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Powerstrip writeup

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Do you guys think it would be a valuable addition tot he FAQ to have a writeup on how to setup and configure powerstrip or is this considering a niche process?  If we think it would be a good idea--is anyone willing to take this on?  I have never worked with it so I wouldn't do it justice I'm sure.


Here is a start

1. Windows XP on arcade monitor.

The aim om this guide is to setup an environment where applications running under Windows XP (including the desktop) works together with a low-res arcade monitor. It should be noted that even if applications such as word processing, internet surfing etc can be run on a low-res monitor, the picture quality (i.e. interlace flicker) is not suitable for longer periods of time. Games and movies does not suffer from this and works fine.

The guide only deals with the software involved. I use Ultimarc's J-PAC to connect my monitor to the graphics card but that is not necessary.

2. Software used.

In theory, no special software is required to run windows on an arcade monitor. The normal graphic card driver is fully cabable of outputting the correct signals for the monitor. However, the graphic card driver doesn't normally include a user interface for setting up resolutions outside the standard 640x480, 800x600 etc. To avoid messing with windows registry settings this guide uses a tool "powerstrip" from There are other tools available but I have not tested them.

PowerStrip got 2 functions that we will use here:
1. It allows you to create custom resolutions and tweak existing resolutions via a graphical user interface.
2. It can automatically change the timing of the display whenever it changes. E.g. when a game asks for a VGA resolution (640x480), powerstrip will automatically convert it into a resolution that works with the arcade monitor (640x480 interlaced).

3. Step-by-step guide

3.1 Install PowerStrip
Just download the trial version from and run. The trial
version is fully functional but got a time limit (365 days) and a nag screen.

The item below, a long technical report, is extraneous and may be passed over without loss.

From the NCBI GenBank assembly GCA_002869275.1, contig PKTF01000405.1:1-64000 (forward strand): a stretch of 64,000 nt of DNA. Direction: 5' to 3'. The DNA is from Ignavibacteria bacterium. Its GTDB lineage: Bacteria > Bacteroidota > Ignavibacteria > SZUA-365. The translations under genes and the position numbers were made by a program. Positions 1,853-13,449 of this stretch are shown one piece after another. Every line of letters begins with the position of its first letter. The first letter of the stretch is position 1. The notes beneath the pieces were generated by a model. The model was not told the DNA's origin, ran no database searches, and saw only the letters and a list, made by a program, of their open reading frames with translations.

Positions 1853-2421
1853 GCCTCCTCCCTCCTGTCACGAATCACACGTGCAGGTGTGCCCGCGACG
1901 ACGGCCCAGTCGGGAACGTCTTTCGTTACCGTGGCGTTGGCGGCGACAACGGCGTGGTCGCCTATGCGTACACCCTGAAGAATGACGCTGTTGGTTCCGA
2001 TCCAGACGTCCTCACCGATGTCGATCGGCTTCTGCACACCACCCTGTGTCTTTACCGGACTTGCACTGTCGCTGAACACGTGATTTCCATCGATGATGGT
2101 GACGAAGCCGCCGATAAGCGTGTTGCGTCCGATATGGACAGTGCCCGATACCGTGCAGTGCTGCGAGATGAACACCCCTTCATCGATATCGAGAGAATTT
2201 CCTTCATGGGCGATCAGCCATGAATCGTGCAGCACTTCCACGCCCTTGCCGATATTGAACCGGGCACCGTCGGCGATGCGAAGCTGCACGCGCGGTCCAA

3.2 Verify that your graphic card driver works with an arcade monitor.
Obviously you need a VGA monitor to perform these actions.
(If any of the items mentioned below isn't available, your graphcs card/driver doesn't support custom resolutions. Not much to do but get another graphic card)
1. Right-click on the powerstrip icon in the taskbar and select Display Properties/Change
2. Click on advanced settings
3. Click on "Custom Resolutions".
4. Go all the way down in the list of resolutions to the one that is labelled "640x480i (arcade)".
5. Select it and click on "add new resolution".
6. Powerstrip will now ask for confirmation and then switch to the new

Here are the values for the AVGA resolutions (with doubled horizontal resolution)

How to use them:
1. Close powerstrip
2. Open the file powerstrip.ini
3. Add the following lines under the [Custom Resolutions] heading.
(If the heading doesn't exist, just create it at the end of the file)

[Custom Resolutions]

4. Save the file and start powerstrip
5. Go to to the "Custom resolutions" window.
6. Select "user defined" resolutions.
7. Mark all resolutions in the window
8. Click "add resolution" and restart windows if necessary.

All resolutions should now be available. To test them:
mame gauntlet -resolution 672x240

To change the windows desktop to one of these resolutions use the right slider in powerstrip. (The resolution will not be available in Windows' display properties)

This procedure worked for me with both a Radeon9200SE and a GeForce2.

First off - Excellent write up and very informative.... I've finally mastered the quirky art of powerstrip, but there lots of stuff I didn't know - such as the minlines= option. Very helpful.

I was starting to build up some resolutions for testing (I have an odd monitor I'm tresting the limits of), based on MonitorGuru's excellent list of used Mame resolutions:

Although you could have saved a lot of work here. I'm also assuming that once this is setup you need to tell mame which resolution to use for which game - I believe there are a couple of utils available to do this....

--- Quote ---3. A mame game displayed at 672x240 instead of 336x240 makes no difference in the pixture. The images will look exactly the same (yes, exactly).

--- End quote ---

Can't test at the moment, but how does this work exactly? Are you not streching the screen size out? Does mame only use some of the screen? (What stretching settings are you using?)

Excellent write up.  I havn't used windows to run mame or powerstrip but this is very helpful for those that do.  Thanks for the effort.


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